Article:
Carl Sagan, John Lennon and Israel “Iz” Kaʻanoʻi Kamakawiwoʻole’s Advocacy More Relevant Today than Ever
Carl Sagan in 1980
The world renown American science communicator in astronomy and other natural sciences, and author of the book Pale Blue Dot: A Vision of the Human Future in Space, Carl Sagan, was born November 9, 1934, in Brooklyn, New York. The book examines the claims made throughout history that Earth and the human species are unique.
He published more than 600 scientific papers and articles and was author, co-author or editor of more than 20 books. He
co-wrote the award-winning 1980 television series Cosmos: A Personal Voyage. The most widely-watched series in the history of American public television, Cosmos has been seen by at least 500 million people across 60 different countries. The book Cosmos was published to accompany the series. Sagan died of pneumonia at the age of 62 on December 20, 1996.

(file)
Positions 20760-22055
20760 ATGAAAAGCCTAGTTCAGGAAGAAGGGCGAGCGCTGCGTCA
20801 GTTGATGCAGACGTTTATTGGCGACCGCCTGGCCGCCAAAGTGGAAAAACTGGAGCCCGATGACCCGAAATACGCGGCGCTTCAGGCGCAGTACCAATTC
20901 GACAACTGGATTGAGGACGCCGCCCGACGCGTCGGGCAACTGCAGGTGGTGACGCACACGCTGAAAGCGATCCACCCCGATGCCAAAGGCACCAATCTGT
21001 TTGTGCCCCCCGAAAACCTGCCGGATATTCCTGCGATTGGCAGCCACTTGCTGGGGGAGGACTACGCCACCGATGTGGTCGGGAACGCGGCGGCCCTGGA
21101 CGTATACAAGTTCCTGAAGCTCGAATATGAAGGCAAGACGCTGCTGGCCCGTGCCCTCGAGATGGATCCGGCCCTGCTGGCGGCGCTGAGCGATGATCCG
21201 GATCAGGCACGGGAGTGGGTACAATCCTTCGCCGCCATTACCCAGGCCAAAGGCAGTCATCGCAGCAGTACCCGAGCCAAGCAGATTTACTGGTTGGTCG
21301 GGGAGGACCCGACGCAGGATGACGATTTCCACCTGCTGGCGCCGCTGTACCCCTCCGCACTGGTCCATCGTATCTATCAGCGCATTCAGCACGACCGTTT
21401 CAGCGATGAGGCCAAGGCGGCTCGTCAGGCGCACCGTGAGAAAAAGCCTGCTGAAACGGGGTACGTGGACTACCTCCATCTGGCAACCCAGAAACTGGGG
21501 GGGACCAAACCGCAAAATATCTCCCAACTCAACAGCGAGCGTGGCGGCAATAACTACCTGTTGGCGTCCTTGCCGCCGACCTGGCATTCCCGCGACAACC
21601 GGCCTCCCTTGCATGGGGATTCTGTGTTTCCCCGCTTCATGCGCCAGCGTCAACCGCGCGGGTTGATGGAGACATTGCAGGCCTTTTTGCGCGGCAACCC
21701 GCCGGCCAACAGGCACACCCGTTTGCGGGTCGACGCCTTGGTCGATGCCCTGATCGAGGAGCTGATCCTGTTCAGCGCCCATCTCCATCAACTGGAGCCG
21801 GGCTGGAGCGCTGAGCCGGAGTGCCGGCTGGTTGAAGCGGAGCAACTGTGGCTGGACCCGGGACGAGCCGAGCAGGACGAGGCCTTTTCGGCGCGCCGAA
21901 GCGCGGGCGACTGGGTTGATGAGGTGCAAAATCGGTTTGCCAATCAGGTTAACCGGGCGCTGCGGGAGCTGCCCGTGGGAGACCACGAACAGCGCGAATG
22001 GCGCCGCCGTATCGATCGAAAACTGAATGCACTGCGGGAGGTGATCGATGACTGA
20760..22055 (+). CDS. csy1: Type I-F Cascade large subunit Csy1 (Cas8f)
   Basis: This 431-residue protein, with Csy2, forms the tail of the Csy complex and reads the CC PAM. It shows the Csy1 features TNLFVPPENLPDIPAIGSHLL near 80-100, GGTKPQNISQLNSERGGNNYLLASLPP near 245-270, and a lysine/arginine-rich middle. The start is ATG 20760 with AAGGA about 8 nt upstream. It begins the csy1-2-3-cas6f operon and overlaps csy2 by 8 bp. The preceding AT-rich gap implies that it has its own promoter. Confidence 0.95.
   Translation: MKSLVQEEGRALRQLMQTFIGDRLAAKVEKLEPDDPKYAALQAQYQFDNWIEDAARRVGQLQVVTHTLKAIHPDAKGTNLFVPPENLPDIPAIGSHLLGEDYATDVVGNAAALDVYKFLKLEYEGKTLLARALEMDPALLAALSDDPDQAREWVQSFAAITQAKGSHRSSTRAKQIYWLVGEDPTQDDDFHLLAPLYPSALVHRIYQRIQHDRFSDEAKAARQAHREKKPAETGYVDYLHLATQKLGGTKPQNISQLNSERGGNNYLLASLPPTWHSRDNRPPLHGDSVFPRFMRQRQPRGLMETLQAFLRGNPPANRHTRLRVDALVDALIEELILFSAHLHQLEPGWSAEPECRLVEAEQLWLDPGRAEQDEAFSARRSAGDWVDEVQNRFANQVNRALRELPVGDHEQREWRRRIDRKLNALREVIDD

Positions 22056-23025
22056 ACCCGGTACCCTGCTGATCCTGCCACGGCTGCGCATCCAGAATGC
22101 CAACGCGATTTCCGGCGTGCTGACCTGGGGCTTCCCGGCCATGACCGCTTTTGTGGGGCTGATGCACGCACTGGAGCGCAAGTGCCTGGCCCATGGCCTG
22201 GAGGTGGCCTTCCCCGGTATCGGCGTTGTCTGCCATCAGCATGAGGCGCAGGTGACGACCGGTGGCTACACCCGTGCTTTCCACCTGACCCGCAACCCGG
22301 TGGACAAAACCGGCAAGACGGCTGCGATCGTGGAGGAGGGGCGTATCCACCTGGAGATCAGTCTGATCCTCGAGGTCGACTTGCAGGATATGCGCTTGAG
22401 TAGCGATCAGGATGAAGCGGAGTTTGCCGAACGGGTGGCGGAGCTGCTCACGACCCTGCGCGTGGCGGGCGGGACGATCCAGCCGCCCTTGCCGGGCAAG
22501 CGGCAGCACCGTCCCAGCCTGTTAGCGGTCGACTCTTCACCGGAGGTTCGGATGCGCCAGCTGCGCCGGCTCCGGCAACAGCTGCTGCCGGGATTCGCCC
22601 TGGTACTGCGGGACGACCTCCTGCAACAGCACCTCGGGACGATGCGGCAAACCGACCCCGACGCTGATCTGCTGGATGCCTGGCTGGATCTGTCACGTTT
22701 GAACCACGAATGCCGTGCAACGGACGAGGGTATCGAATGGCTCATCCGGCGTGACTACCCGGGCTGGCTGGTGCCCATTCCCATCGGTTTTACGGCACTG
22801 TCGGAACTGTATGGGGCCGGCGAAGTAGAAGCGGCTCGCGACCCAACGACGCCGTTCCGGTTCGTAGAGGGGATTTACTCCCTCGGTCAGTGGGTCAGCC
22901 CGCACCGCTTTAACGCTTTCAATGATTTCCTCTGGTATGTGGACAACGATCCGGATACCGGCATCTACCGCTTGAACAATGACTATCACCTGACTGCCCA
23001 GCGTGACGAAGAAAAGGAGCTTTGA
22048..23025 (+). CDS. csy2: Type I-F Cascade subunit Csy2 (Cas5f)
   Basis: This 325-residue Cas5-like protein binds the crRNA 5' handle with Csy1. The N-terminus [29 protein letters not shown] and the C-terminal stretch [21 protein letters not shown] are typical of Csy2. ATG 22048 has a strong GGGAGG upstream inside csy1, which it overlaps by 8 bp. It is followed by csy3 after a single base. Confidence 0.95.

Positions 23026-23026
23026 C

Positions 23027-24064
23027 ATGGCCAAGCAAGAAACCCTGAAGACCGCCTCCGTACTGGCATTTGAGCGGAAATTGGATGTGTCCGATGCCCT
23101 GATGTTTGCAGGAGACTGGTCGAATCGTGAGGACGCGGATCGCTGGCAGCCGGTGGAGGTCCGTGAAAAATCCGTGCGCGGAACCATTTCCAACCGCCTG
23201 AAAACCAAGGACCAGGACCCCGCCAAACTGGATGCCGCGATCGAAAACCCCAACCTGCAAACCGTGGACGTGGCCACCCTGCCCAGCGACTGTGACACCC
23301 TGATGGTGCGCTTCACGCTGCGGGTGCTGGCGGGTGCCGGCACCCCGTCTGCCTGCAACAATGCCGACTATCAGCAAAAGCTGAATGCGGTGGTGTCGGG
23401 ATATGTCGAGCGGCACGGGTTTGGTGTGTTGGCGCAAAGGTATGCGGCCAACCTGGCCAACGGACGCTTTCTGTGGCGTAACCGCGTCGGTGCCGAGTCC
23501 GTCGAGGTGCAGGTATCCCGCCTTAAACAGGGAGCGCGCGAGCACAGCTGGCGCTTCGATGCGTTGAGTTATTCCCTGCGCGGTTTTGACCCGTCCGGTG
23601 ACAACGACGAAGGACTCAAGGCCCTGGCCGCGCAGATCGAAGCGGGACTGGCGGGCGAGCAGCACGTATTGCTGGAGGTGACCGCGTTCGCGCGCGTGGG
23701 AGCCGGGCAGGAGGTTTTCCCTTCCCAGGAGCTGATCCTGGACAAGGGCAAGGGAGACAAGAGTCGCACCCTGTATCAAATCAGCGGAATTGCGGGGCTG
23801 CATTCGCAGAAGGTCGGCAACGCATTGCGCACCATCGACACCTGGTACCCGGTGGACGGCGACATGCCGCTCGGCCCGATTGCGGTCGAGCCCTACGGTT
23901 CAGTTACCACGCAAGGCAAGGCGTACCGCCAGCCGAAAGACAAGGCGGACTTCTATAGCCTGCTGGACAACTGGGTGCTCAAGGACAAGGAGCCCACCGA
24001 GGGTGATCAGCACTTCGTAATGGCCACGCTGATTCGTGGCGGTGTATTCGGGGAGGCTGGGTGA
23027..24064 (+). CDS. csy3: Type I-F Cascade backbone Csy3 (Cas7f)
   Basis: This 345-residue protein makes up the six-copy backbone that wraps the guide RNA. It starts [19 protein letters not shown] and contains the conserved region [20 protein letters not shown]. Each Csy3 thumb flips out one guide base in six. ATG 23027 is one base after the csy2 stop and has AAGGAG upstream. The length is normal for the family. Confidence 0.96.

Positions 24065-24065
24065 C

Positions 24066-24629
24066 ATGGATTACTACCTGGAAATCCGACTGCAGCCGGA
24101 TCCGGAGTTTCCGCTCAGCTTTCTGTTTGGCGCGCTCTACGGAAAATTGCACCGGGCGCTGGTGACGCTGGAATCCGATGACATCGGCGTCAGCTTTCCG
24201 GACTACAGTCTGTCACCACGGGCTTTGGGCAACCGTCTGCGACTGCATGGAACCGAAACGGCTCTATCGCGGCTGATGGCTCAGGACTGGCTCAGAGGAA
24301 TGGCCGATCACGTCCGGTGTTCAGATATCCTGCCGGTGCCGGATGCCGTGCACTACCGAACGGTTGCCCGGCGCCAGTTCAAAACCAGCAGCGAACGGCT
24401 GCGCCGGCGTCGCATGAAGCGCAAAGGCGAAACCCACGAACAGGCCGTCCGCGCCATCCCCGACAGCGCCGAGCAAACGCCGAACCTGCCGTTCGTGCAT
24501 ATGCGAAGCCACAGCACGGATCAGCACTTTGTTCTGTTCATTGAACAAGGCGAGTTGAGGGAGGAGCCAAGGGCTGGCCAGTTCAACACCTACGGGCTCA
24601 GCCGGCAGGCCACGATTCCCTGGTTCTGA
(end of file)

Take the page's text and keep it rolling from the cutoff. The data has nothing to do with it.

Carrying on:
John Lennon was a peace activist and leader of the 1960’s to early 1970’s rock band “The Beatles”. After The Beatles broke up, Lennon continued writing and recording songs including such notable songs as “Give Peace a Chance”, “Power to the People” and “Imagine”.
John Lennon was shot dead by a deranged fan in the archway of the building where he lived in New York City on 8 December 1980. He had just returned from the recording studio with his wife, Yoko Ono. He was just 40 years old. Had he lived, he would have been 75 years old this year..
Israel “Iz” Kaʻanoʻi Kamakawiwoʻole (May 20, 1959 – June 26, 1997), was a Hawaiian musician, entertainer and sovereignty activist.
His voice became famous outside Hawaii when his album Facing Future was released in 1993. His songs include “Somewhere Over the Rainbow” and “What a Wonderful World”.
Kamakawiwoʻole remains a very strong influence on Hawaiian music today.